The eucharist that Christians celebrate every Sunday is the ‘starter course’ of this promised banquet. What God has promised us for eternity,  in heaven has already begun. The eucharist is the sacred meal shared by those who have been baptised into Christ’s death and who now await a full share in his resurrection. The rich food and fine wine is the body and blood of Christ who is really present among us when we gather in his name.

So our liturgy puts us in contact with the eternal presence of God and is not something that we do alone. Here on earth we join the heavenly liturgy of saints and angels who already see God face to face and are moved to constant praise. And that’s why God has already begun to wipe away the tears from our eyes, for in our worship we are joined in communion with those who have gone before us and whom we once mourned and grieved for.

But liturgy is not simply what our parish or community is doing. Liturgy is cosmic. We join our voices with choirs of angels and saints of all time in our hymn of praise. Scripture tells us that those of our family and friends who have died are not dead for ever but are indeed alive in Christ. Liturgy joins together the communion of saints on both sides of the grave.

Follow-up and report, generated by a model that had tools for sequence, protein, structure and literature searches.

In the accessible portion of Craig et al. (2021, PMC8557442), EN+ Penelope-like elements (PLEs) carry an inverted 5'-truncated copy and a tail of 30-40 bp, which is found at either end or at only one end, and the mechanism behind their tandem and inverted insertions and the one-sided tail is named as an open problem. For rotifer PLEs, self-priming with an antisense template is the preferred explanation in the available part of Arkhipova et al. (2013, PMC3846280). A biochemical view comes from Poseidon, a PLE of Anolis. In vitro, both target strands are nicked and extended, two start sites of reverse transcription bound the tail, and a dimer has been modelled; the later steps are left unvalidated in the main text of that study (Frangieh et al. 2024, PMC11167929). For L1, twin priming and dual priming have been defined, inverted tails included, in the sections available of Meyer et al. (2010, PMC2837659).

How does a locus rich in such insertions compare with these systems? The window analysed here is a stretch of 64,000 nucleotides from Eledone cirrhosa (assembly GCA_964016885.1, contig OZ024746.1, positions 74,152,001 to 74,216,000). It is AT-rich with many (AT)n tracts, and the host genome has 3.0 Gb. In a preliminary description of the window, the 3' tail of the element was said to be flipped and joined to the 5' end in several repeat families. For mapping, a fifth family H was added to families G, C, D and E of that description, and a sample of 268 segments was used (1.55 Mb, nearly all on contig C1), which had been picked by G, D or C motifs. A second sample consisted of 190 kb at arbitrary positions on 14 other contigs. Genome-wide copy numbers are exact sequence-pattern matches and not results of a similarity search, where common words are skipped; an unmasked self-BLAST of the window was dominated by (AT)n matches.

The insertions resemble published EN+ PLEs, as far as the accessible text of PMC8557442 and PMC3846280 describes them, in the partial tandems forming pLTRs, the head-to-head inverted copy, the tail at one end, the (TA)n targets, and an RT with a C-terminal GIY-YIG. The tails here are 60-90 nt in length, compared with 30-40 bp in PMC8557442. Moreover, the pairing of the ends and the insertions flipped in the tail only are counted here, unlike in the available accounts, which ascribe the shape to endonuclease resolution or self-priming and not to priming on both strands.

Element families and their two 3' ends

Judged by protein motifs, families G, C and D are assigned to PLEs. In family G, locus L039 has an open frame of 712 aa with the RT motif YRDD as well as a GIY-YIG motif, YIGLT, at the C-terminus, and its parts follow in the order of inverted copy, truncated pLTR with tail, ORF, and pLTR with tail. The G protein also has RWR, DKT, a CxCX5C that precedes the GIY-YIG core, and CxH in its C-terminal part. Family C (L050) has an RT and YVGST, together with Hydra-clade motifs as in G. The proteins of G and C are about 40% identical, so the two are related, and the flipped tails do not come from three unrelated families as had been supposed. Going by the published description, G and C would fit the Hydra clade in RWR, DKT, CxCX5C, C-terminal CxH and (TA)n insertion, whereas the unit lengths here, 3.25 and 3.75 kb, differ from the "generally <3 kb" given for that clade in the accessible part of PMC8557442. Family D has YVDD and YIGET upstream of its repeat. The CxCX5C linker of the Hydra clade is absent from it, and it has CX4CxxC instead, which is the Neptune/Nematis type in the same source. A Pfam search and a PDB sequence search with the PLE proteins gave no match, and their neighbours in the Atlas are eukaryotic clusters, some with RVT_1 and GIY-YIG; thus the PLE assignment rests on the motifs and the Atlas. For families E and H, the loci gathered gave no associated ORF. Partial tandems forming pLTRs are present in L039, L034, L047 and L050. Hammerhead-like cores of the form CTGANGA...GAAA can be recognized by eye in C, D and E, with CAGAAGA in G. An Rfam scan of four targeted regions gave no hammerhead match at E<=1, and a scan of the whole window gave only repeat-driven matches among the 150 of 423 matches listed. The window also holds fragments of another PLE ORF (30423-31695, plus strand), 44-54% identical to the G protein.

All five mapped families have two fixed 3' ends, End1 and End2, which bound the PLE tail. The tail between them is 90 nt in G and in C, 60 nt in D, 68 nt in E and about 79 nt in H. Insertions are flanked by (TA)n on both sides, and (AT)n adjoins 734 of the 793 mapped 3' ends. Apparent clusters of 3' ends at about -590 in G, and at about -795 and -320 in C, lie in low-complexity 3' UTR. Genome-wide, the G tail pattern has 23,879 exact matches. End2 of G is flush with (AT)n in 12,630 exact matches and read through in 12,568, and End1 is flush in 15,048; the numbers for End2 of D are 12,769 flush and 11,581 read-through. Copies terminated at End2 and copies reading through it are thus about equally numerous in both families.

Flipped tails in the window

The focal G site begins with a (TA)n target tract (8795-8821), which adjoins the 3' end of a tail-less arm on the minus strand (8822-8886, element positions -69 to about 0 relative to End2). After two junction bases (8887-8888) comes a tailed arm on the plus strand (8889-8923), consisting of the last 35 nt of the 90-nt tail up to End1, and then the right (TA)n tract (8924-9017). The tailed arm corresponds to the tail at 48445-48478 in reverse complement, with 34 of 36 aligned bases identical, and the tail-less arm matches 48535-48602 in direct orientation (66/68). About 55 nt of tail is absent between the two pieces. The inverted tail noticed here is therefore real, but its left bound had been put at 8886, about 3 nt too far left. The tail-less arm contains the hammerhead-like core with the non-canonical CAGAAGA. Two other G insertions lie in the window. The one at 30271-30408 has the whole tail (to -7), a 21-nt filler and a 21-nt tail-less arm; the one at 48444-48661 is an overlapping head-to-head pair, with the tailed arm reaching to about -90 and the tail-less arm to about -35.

A banquet of rich food and fine wine, our tears dried, our shame taken away, and this is only the starter. Why not reserve a table?




People who saw Henry Jenkins’s farm would murmur to themselves. It was set in one of the most beautiful valleys in the area, with rolling fields that lolled into the distance and disappeared over the gentle inclines of the hills and mountains.

Although the farm was quite productive since Henry had a good herd of prize cattle and a flock of hardy sheep, there were one or two things that stood out as being rather bizarre.

The farmhouse was only just habitable. The rumour was that Henry had had a row with his family and when his father died Henry had been passed over and all the property had been bequeathed to Edward Jenkins, his younger brother with whom he didn’t get on.

Henry was allowed to stay in it until he died. But knowing that Edward would inherit the house and land, he had deliberately spent nothing on it and let it go to wrack and ruin. The roof leaked, the window frames were rotten and the wall was on the verge of toppling down.

The arable fields that once were vast swathes of corn and barley had been left to grow into brambles and briars. There was plenty of opportunity for the land to be productive, but this was yet another way for Henry to get back at Edward.